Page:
But for Dulphing Ogan, a Blaan from Sarangani, and secretary general of the nongovernmental KALUMARAN or Kusog sa Katawhang Lumad sa Mindanao, the crux of the issue is the Lumads’ struggle to protect their ancestral domain from being encroached by multinationals and government.
The AFP’s 26th Infantry Battalion and the paramilitary force Bagani organized by Loreto Mayor Dario Otasa to run after the NPAs, have actually targeted Agusanon Manobos who are opposed to mining and palm oil expansion, said Juland Suazo, spokesperson of Panalipdan, an environmental advocacy group.
Human Rights Watch earlier criticized the Aquino government for failing to revoke Executive Order 546 – signed by President Gloria Macapagal Arroyo in 2006 –that arms Civilian Volunteer Organizations or paramilitary forces in a selective basis.
President Aquino defended the use of paramilitary forces to augment the military in their counter-insurgency campaign and secure operations of mining firms in the countryside.
Aquino also issued Executive Order 79 said to regulate mining operations, but the order remained silent on mining-related human rights violations, according to Human Rights Watch.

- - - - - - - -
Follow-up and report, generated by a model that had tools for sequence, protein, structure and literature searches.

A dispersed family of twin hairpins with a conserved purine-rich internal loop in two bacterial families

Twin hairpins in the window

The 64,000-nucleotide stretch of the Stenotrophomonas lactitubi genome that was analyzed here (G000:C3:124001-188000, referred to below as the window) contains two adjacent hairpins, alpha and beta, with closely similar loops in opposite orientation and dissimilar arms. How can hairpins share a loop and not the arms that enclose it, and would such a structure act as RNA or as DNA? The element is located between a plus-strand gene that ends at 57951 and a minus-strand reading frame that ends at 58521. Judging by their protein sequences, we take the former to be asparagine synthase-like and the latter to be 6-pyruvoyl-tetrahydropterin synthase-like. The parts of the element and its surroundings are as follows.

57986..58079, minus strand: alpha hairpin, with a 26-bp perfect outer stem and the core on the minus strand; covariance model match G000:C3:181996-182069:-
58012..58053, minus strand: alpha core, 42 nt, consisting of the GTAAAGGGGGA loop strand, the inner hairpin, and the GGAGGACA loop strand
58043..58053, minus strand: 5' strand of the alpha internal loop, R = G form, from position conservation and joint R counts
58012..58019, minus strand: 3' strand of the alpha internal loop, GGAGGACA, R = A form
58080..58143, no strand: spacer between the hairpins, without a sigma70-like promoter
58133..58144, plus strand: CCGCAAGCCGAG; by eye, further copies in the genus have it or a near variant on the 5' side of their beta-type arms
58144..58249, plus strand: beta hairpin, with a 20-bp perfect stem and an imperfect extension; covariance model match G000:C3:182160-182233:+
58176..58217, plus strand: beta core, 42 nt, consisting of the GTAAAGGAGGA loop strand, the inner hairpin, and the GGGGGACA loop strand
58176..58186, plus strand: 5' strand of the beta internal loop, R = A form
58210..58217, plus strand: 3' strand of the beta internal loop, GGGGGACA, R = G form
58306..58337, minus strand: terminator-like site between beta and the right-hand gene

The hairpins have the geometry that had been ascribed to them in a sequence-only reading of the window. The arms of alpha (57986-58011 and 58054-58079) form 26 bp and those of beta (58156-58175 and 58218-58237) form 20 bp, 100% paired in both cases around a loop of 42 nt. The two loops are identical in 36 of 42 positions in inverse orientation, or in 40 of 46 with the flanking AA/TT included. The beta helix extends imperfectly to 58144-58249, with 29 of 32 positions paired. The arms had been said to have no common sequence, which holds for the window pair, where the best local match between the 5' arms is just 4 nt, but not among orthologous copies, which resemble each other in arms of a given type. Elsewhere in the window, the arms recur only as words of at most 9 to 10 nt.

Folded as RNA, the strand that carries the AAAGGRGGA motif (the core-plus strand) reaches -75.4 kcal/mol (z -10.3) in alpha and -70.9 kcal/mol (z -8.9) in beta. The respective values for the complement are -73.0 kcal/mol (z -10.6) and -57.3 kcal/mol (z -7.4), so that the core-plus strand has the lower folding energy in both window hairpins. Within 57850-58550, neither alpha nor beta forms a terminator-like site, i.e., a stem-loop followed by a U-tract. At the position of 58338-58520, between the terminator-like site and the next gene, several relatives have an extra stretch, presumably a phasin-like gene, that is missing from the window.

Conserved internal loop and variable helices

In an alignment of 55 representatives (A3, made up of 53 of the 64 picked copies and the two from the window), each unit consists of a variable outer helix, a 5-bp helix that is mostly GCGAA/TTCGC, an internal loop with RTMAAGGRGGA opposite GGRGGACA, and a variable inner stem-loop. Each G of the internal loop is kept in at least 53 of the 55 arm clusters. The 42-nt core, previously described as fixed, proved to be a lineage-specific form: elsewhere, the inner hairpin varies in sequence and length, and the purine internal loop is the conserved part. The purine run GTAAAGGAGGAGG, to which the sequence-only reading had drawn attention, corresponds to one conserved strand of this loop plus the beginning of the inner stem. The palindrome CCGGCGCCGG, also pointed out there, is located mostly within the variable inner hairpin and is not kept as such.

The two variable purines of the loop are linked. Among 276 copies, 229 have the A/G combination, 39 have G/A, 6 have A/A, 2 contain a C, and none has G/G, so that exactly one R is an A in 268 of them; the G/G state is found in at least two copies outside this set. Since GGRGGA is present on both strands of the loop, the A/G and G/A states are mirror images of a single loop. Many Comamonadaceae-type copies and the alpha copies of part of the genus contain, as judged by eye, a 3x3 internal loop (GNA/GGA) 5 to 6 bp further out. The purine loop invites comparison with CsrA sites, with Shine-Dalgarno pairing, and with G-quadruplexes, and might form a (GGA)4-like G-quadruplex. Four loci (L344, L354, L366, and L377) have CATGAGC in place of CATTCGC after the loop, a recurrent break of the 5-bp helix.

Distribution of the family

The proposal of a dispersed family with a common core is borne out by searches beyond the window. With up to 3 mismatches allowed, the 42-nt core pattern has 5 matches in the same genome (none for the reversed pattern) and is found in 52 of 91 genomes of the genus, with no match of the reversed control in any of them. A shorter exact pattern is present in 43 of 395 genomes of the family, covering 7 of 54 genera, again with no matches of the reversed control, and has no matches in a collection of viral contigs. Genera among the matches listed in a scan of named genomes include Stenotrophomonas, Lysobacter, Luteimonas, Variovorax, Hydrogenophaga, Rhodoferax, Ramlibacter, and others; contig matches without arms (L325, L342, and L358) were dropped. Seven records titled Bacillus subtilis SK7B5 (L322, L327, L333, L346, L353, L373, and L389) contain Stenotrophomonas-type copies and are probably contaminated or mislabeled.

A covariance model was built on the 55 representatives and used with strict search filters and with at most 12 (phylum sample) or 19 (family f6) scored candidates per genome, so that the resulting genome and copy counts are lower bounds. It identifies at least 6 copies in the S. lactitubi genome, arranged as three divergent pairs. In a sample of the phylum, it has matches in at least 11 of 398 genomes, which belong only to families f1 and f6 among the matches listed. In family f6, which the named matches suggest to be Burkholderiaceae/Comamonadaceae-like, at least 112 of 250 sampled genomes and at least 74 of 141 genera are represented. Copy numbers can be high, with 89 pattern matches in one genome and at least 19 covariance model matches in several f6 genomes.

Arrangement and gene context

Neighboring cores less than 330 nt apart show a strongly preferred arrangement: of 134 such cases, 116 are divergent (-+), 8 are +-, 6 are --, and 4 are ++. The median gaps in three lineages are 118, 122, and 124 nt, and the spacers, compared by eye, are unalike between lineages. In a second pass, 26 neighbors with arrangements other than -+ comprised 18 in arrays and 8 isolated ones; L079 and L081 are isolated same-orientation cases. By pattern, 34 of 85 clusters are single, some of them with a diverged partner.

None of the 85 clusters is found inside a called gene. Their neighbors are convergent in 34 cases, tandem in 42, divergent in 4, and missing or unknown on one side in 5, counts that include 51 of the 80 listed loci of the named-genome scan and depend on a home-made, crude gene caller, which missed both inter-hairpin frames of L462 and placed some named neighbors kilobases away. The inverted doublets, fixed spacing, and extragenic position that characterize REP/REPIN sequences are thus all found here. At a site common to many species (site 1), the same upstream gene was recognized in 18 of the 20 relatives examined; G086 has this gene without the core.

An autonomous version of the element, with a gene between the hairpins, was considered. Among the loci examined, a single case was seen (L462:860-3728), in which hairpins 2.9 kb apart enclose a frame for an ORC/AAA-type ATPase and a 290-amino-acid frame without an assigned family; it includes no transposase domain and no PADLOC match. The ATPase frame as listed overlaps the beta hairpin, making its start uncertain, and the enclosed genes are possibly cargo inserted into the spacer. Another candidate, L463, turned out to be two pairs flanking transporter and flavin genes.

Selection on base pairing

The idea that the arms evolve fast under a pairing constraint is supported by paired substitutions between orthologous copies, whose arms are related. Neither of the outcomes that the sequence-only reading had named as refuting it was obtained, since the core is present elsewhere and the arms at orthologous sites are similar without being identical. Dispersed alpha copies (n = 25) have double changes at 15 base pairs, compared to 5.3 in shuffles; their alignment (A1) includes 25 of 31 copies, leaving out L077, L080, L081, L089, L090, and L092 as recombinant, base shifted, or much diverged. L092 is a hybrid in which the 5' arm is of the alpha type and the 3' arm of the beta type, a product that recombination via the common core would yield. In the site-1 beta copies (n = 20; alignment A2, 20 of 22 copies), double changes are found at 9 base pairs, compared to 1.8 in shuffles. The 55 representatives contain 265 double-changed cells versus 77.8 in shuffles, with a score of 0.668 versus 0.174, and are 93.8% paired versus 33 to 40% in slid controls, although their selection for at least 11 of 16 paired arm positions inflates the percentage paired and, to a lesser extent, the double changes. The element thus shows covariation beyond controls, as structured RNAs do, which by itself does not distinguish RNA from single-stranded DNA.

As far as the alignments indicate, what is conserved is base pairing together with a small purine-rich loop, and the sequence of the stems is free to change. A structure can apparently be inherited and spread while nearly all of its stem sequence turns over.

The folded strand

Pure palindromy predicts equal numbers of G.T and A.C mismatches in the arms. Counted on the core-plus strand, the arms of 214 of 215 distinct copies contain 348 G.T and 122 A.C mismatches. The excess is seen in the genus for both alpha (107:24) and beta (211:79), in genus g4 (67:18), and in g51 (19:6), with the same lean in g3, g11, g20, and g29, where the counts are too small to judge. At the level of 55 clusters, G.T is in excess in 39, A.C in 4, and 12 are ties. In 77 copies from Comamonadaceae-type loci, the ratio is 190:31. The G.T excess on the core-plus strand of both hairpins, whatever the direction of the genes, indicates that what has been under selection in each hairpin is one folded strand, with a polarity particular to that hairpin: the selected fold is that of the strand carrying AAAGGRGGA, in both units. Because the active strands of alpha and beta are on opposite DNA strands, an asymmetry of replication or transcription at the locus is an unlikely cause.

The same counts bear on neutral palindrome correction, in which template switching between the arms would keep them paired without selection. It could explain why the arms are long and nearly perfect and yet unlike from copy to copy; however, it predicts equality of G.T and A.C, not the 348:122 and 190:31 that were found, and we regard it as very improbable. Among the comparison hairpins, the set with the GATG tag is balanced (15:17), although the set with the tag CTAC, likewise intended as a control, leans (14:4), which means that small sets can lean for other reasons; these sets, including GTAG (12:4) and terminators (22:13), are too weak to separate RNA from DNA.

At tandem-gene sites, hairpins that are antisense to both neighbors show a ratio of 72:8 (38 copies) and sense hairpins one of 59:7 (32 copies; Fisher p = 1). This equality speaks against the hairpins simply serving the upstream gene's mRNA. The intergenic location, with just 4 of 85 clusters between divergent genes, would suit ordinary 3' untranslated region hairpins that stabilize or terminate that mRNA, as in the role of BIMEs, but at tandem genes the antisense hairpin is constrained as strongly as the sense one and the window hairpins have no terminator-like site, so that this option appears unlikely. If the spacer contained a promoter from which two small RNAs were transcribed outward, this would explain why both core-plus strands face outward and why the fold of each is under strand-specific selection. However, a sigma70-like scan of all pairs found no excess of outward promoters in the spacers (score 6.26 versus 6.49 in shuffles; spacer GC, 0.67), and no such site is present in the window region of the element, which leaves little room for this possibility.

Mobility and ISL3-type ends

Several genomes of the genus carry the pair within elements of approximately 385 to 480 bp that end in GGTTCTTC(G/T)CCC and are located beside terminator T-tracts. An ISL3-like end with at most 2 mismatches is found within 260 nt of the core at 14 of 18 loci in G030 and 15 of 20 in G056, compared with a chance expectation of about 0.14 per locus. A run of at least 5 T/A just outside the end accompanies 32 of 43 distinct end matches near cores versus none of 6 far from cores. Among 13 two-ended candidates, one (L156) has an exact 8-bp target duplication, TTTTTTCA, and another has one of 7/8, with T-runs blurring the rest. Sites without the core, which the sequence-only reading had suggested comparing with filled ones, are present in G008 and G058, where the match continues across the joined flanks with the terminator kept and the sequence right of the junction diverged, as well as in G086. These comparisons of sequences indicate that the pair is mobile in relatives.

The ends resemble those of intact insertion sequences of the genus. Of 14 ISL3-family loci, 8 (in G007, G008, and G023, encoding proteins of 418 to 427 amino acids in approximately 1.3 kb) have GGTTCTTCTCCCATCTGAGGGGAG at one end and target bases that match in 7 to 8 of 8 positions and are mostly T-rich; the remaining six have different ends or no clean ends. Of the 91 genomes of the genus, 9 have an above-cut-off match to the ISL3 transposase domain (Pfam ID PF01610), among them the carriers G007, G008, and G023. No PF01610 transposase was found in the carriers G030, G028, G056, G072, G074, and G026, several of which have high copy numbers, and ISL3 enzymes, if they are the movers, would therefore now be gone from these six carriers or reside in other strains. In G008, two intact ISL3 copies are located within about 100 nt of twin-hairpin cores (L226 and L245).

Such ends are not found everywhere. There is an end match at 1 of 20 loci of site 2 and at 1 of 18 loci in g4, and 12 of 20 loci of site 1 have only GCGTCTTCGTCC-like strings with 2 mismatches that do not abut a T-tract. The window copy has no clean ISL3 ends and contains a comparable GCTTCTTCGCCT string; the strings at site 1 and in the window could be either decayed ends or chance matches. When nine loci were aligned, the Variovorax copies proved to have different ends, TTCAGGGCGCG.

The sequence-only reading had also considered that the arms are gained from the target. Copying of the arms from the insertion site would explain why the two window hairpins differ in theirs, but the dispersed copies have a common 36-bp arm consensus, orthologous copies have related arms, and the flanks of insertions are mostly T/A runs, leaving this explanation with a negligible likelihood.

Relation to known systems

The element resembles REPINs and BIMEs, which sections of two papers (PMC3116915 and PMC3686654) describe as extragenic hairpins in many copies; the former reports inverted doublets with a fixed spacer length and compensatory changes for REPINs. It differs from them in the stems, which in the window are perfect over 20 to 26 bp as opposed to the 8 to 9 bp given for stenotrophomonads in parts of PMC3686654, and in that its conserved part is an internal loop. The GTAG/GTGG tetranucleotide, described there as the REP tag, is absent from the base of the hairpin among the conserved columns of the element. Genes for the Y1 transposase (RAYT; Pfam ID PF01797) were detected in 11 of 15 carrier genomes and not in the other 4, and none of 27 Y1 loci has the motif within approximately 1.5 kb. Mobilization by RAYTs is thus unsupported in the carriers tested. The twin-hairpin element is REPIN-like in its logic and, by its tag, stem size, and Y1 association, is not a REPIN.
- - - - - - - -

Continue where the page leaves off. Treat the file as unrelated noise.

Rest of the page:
Paramilitary groups have sprouted for the past two decades such as the Task Force Gantangan in the provinces of South Cotobato, Saranggani,Davao del Sur and General Santos city, and other groups like Bagani in Agusan del Sur, another Bagani Force in Arakan, Alamara in Davao, and many more.
“We believe that they are really after our wealth, not just because of the presence of NPA in our communities,” said Egdames of KASAKA,during their picket-rally at the AFP EastMinCom headquarters Monday.
Meanwhile, IDMC issued recommendations to the government such as “the resumption of peace talks to find political settlement with the (National Democratic Front); and to reactivate the Joint Monitoring Committee (JMC) so as to allow violations of human rights and international humanitarian law (IHL) to be monitored, reported and investigated.”
It also recommended the implementation of a signed 1998 Joint Agreement in Support of Socio-Economic Projects of Private Development Organizations and Institutes.